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Getting started with your personal repo

Last updated: 13 Oct 2021

Use this temporary blog post as guidance to get to know your personal repo, how to start using it, and how to start creating blog posts.

Why do I need a personal repo

Your personal repo contains basic information about yourself. It's how you inform our Team Directory about who you are, what your interests are, and what kind of skills you have as a product builder. It also is a way to indicate skills that you'd like to build while you work at balena.

It's also a place for you to keep your thoughts via a personal blog, files, assets, trinkets... pretty much anything within reason (and without breaking the tooling that builds these microsites 😃).

Your "human contract" and basic information

This file is a digital representation of you. Let's walk through the YML contract (there's also a shorter version of this guidance within the comments on the YML template).

handle: balenista2021
type: human
version: 1.0.0

Other than ensuring that the handle value matches your GitHub handle, you won't have to touch this section. Please don't alter or update it.


For these first chunks of data, you'll want to provide a relative link to an image file within your repo or a photo via URL to populate your profile photo.

Your name and nickname are free-form text fields. Please accurately choose your Country and City, as these help the builder inform your map.

Pronouns, Haves, Wants, and Interests


For this section, you'll want to use an itemized list and be as succinct as possible. The more granular, the better. Let's walk through these fields in detail.


Please include all of your preferred pronouns, each one as an individual list item.


"Haves" are the skills that you bring to the table. It's a list of what you're capable of doing and what you can contribute to the team, or on a given project. Please list all of your haves as succinctly as you can, in bullet list format.

For example, rather than writing something like "Audio and video editing", separate them out into "Audio editing" and "Video editing."


"Wants" are the skills that you're interested in building during your time at balena. This will communicate to teammates the kinds of skills that you'd like to gain and will help other balenistas include you in projects that will help you learn and grow those skills.

Once again, please indicate these in a list format, as specifically as possible. e.g. "Frontend and backend engineering" should be separated into "Frontend engineering" and "Backend engineering".


All work and no play is no fun. We want to know what your interests are!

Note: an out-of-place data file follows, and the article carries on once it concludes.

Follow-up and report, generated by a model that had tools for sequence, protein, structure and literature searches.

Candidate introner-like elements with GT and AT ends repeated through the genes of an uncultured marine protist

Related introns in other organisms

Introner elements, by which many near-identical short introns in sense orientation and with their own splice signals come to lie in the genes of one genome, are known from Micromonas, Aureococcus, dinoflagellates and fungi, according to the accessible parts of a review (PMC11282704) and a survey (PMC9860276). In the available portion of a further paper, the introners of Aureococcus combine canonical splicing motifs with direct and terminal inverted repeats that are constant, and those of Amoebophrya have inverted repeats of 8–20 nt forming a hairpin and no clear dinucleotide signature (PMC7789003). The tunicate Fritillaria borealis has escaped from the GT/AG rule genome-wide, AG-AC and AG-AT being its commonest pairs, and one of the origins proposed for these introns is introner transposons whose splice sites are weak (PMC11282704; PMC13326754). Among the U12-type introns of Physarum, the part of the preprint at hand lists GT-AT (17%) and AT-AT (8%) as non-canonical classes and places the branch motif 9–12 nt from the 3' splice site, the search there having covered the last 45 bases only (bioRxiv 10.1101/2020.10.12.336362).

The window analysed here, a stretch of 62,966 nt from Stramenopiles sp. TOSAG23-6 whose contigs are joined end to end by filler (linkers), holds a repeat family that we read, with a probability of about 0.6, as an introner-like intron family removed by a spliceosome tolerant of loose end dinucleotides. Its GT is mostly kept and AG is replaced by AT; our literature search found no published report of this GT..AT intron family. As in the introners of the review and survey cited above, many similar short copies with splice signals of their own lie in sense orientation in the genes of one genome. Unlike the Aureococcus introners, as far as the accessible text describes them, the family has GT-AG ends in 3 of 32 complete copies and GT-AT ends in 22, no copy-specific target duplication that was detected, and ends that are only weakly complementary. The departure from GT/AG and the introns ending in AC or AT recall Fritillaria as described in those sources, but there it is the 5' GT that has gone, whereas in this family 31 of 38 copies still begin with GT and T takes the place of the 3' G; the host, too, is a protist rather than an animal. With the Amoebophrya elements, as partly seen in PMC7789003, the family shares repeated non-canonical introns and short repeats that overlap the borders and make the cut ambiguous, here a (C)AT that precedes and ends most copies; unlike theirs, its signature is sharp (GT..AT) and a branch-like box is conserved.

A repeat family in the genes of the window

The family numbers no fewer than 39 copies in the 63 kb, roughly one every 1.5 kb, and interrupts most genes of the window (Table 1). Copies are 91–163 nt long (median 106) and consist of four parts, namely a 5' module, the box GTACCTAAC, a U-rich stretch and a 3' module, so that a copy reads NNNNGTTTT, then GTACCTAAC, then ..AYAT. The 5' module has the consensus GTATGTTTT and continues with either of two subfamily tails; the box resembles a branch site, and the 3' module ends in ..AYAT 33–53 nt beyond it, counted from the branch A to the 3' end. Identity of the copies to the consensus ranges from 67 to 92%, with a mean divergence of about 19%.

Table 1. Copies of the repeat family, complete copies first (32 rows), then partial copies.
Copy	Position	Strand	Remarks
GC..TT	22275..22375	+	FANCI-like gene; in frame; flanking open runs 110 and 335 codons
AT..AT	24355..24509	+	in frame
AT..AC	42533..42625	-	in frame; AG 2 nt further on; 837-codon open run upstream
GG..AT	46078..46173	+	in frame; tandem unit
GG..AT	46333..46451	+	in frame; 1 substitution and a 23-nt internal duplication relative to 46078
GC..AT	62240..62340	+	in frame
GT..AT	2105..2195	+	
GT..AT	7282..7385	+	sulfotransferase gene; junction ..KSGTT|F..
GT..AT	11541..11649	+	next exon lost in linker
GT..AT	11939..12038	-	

This helps our teammates find people with common interests and hobbies. This could lead to really great chats, spark new friendships, or even inspire some cool projects to hack on.

Once again, format them the same way you'd list out Haves and Wants.

Short bio and "Hard Problem"

  short_bio: |-
    I am the greatest balenista you have ever seen!
  hard_problem: |-
    Remove the friction from users who want to fill out their contracts.

Both the Short Bio and Hard Problem fields are free-form text. Your short bio should be, well, a short description about yourself.

"Hard Problems" are challenges that you choose to tackle that will help balena achieve both its long term goals, as well as remove friction for ourselves, teammates, community, customers, and users. They're often some kind of statement that identifies how you're building products or solving problems that leave lasting, compounding benefits for us all.

Yeah, they can be difficult to write at first! However, many balenistas find their footing and hard problem over time. Talk to your Buddy, new teammates, and keep studying and gaining context about the company and our mission. It'll come to you!

Updating your personal repo

There are a few ways to update your personal repo.

Edit your balena.yml

Navigate to your personal repo, usually https://github.com/balenaltd/, and use the GitHub GUI editor to make changes to your balena.yml file. You can also use GitHub's "Codespaces" feature by pressing the period key to open it. Use the tool to make your edits, save your work, and see your changes live.

Alternatively, you can clone your own repo and work on it on your local machine using your favorite text editor, make your edits, and then push them back to your master branch.

Our Netlify build pipeline will look for any new commits to master. Wait just a few minutes, and you should see edits and updates made to your personal page or blog. e.g. https://balenaltd.io/

If you commit a branch and create a new Pull Request against your master branch, you can see a bit of Netlify at work in the background. You can see your staged changes, edit them further, and then merge the final content.

Use the built-in CMS to edit blog posts

Open a browser and navigate to https://balenaltd.io//admin (replace with your handle) to access our NetlifyCMS setup for your personal repo. From there you have basic content creation and editing for blog posts.

COMING SOON: Editing all of the above via Jellyfish

Our amazing teammates are hard at work at making this a reality. Stay tuned!

Writing blog posts

Please see the other accompanying starter blog post for post writing and Markdown formatting tips.

Try it out and let us know what you think!

Contribute your personal repo toward helping us build our Team Directory. We appreciate all of the help!

Brought to you by your amazing Personal Repo/Personal Blog Hack Week team: Laura, Amit, Carlo, and Andrew. Hit us up with questions, feedback, and concerns.


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